Hamilton–Pontryagin integrators on Lie groups
, 2007
"... Abstract In this paper, structurepreserving timeintegrators for rigid bodytype mechanical ..."
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Cited by 21 (6 self)
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Abstract In this paper, structurepreserving timeintegrators for rigid bodytype mechanical
The symmetric representation of the rigid body equations and their discretization
 141–71 FEDEROV Y N 2005 INTEGRABLE FLOWS AND BACKLUND TRANSFORMATIONS ON EXTENDED STIEFEL VARIETIES WITH APPLICATION TO THE EULER TOP ON THE LIE GROUP SO(3) PREPRINT NLIN.SI/0505045 AQ2 GELFAND I M AND FOMIN S V 2000 CALCULUS OF VARIATIONS TRANSLATED BY R
, 1998
"... This paper analyzes continuous and discrete versions of the generalized rigid body equations and the role of these equations in numerical analysis, optimal control and integrable Hamiltonian systems. In particular, we present a symmetric representation of the rigid body equations on the Cartesian pr ..."
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Cited by 16 (9 self)
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This paper analyzes continuous and discrete versions of the generalized rigid body equations and the role of these equations in numerical analysis, optimal control and integrable Hamiltonian systems. In particular, we present a symmetric representation of the rigid body equations on the Cartesian product SO(n) × SO(n) and study its associated symplectic structure. We describe the relationship of these ideas with the MoserVeselov theory of discrete integrable systems and with the theory of variational symplectic integrators. Preliminary work on the ideas discussed in the present paper may be found in Bloch, Crouch, Marsden and Ratiu [1998].
Structure Preservation For Constrained Dynamics With Super Partitioned Additive RungeKutta Methods
 SIAM J. Sci. Comput
, 1998
"... A broad class of partitioned differential equations with possible algebraic constraints is considered, including Hamiltonian and mechanical systems with holonomic constraints. For mechanical systems a formulation eliminating the Coriolis forces and closely related to the EulerLagrange equations is ..."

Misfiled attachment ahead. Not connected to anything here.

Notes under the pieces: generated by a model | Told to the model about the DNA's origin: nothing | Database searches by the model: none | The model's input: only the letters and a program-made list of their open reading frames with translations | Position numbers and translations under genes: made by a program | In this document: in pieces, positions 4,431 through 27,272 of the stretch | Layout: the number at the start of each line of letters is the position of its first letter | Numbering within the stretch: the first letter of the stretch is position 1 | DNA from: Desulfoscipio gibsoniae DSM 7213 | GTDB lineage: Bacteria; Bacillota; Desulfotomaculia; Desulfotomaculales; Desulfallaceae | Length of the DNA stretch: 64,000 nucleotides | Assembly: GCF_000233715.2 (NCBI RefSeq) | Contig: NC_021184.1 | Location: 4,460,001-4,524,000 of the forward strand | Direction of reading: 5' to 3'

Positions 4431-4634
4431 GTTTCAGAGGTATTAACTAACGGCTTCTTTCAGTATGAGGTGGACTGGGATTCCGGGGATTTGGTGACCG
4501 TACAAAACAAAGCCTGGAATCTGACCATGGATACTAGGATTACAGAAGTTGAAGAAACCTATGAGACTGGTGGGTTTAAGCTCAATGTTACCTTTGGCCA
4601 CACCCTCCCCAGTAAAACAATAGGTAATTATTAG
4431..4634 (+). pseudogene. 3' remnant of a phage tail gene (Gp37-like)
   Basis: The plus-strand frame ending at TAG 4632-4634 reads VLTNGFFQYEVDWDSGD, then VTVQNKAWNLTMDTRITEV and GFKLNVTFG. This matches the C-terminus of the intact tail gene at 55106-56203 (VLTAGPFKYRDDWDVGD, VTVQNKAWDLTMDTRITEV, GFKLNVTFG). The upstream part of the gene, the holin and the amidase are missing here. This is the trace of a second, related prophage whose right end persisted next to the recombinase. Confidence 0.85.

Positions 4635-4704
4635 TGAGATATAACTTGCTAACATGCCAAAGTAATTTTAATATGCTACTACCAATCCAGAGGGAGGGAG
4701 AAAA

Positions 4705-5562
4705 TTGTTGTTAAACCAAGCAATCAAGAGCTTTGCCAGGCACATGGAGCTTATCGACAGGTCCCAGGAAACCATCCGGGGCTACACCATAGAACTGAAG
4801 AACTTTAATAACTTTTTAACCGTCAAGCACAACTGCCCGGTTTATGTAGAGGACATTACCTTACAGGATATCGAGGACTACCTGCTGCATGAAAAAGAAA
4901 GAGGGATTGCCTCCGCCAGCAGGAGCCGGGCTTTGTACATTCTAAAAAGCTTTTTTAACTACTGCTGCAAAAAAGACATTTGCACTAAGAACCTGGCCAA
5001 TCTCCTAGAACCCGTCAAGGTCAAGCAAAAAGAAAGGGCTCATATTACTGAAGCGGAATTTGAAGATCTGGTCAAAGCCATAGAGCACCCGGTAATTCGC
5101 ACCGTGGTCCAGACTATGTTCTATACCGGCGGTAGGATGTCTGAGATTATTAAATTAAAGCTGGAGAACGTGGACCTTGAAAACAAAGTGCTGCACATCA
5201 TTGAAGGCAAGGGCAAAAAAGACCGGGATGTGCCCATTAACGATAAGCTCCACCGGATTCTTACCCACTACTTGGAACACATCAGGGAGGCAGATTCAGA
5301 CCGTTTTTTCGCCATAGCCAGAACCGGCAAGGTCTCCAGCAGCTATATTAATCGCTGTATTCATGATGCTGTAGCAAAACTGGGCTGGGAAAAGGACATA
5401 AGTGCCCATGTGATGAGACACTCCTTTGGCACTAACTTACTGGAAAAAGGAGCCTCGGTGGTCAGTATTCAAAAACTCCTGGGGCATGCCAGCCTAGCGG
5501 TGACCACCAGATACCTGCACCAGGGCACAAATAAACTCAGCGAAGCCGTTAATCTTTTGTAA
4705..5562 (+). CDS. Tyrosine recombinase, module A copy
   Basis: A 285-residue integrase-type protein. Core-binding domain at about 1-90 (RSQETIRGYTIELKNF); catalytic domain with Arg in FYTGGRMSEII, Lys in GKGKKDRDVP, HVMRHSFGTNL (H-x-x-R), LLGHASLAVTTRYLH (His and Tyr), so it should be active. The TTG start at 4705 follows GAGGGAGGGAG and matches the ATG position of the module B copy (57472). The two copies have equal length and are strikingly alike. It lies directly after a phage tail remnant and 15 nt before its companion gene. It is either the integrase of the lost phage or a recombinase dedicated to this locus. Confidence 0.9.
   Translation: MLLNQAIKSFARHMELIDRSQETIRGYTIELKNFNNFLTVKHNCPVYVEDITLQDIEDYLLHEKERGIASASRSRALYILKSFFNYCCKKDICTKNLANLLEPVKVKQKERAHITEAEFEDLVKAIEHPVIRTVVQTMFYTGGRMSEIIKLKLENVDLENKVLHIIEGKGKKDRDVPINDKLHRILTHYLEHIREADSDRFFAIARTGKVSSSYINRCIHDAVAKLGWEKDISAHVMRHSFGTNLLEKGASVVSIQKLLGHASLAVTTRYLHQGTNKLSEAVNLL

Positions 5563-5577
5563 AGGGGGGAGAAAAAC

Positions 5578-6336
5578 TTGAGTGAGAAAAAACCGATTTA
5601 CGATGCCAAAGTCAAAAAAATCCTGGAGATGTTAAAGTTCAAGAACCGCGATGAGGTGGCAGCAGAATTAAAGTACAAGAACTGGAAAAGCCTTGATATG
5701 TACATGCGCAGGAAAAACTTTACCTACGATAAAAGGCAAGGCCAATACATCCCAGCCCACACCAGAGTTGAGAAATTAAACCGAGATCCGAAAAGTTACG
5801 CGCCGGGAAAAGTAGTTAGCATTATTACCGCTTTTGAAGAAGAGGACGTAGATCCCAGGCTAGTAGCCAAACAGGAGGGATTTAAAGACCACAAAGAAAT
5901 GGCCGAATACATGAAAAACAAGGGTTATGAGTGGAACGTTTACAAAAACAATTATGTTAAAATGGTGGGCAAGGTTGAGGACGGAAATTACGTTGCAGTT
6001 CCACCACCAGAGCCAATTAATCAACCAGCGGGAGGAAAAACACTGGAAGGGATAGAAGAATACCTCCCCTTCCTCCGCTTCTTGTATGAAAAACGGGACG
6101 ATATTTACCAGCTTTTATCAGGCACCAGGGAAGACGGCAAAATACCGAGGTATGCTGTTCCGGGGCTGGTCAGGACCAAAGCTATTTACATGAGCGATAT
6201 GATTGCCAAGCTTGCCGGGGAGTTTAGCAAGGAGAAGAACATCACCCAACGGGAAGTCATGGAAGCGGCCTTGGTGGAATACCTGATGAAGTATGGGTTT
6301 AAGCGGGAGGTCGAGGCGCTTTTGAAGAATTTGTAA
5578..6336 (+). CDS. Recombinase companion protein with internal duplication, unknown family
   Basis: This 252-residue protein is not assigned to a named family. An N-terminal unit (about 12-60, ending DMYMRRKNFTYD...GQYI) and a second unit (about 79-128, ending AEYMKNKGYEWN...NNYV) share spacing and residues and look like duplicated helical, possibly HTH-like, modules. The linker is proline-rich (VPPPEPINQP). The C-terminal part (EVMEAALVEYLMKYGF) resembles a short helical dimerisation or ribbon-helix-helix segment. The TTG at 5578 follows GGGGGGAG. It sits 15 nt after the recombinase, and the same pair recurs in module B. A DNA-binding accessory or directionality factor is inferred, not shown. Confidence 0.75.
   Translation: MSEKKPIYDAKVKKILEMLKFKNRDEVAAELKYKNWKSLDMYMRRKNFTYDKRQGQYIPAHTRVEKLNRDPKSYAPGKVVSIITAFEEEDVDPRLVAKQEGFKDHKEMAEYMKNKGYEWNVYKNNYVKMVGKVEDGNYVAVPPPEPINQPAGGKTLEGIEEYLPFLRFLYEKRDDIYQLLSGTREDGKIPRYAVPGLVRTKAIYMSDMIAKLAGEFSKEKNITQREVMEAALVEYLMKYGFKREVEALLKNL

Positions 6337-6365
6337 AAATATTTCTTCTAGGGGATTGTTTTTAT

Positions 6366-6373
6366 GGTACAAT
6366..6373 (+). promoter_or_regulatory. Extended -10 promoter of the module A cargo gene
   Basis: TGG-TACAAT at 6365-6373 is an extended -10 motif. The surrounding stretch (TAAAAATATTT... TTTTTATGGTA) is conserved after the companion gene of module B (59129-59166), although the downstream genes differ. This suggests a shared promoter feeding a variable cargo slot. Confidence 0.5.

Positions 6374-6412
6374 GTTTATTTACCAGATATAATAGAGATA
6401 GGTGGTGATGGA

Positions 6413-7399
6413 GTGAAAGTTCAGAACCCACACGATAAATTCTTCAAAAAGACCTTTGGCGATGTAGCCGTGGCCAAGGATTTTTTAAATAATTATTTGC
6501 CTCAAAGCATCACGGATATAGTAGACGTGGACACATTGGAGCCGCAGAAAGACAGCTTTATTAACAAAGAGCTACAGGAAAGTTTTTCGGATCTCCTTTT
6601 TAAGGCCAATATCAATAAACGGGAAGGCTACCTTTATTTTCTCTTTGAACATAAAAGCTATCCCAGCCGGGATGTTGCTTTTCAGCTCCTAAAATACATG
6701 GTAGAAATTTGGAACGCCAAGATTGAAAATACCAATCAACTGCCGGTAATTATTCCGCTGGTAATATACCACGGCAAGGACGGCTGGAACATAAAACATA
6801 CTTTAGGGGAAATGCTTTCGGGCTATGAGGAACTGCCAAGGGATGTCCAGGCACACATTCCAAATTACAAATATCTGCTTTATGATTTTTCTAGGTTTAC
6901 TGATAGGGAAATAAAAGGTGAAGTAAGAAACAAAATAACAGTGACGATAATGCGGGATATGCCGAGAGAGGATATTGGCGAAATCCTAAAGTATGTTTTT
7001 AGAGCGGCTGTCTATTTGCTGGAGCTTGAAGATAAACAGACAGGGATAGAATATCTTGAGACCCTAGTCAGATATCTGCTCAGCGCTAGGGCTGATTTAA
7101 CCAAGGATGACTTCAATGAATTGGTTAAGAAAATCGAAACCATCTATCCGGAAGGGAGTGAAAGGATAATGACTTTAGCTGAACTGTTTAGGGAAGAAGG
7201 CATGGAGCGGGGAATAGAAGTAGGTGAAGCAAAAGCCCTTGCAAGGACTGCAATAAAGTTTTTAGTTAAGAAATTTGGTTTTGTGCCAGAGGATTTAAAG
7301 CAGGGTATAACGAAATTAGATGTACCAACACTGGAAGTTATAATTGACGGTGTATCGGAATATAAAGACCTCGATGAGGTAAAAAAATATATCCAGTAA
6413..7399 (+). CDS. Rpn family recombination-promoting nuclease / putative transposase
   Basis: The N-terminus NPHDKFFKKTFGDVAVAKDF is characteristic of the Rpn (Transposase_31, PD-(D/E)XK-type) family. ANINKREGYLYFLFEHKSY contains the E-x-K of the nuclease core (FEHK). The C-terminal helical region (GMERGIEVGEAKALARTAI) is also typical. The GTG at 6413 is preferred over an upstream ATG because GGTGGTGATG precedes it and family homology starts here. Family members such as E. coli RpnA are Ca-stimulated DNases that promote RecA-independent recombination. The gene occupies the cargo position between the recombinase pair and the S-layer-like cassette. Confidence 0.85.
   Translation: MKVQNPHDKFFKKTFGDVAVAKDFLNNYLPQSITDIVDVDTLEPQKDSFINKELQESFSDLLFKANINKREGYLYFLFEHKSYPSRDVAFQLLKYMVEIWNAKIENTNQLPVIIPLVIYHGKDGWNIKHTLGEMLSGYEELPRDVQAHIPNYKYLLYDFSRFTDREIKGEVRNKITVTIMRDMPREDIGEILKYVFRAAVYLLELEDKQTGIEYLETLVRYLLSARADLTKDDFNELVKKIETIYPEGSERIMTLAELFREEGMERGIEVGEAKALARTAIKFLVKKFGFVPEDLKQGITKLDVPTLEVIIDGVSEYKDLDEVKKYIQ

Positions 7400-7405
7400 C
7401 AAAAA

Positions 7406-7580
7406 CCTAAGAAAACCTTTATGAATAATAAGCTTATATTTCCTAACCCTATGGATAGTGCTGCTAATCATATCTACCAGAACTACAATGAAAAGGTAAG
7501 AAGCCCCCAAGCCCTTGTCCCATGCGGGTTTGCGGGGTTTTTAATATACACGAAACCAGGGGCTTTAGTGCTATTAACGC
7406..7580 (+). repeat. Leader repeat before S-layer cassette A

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Cited by 16 (9 self)
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A broad class of partitioned differential equations with possible algebraic constraints is considered, including Hamiltonian and mechanical systems with holonomic constraints. For mechanical systems a formulation eliminating the Coriolis forces and closely related to the EulerLagrange equations is presented. A new class of integrators is defined: the super partitioned additive RungeKutta (SPARK) methods. This class is based on the partitioning of the system into different variables and on the splitting of the differential equations into different terms. A linear stability and convergence analysis of these methods is given. SPARK methods allowing the direct preservation of certain properties are characterized. Different structures and invariants are considered: the manifold of constraints, symplecticness, reversibility, contractivity, dilatation, energy, momentum, and quadratic invariants. With respect to linear stability and structurepreservation, the class of sstage Lobatto IIIABCC* SPARK methods is of special interest. Controllable numerical damping can be introduced by the use of additional parameters. Some issues related to the implementation of a reversible variable stepsize strategy are discussed.
Integration schemes for molecular dynamics and related applications. In The Graduate Student’s Guide to Numerical Analysis
 Series on Computer Mathematics
, 1999
"... Presented are a variety of modern practical techniques for the derivation of integration schemes that are useful for molecular dynamics and a variety of related applications. In particular, the emphasis is on Hamiltonian systems, including those with constraints, and to a lesser extent stochastic d ..."
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Cited by 16 (4 self)
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Presented are a variety of modern practical techniques for the derivation of integration schemes that are useful for molecular dynamics and a variety of related applications. In particular, the emphasis is on Hamiltonian systems, including those with constraints, and to a lesser extent stochastic differential equations. Among the techniques discussed are operator splitting, multiple time stepping, and accuracy enhancement through “postprocessing. ” Attention is also given to analytical tools for selecting among different integration schemes, for example, smalltimestep analysis of the backward error, linear analysis, and smallenergy analysis. 1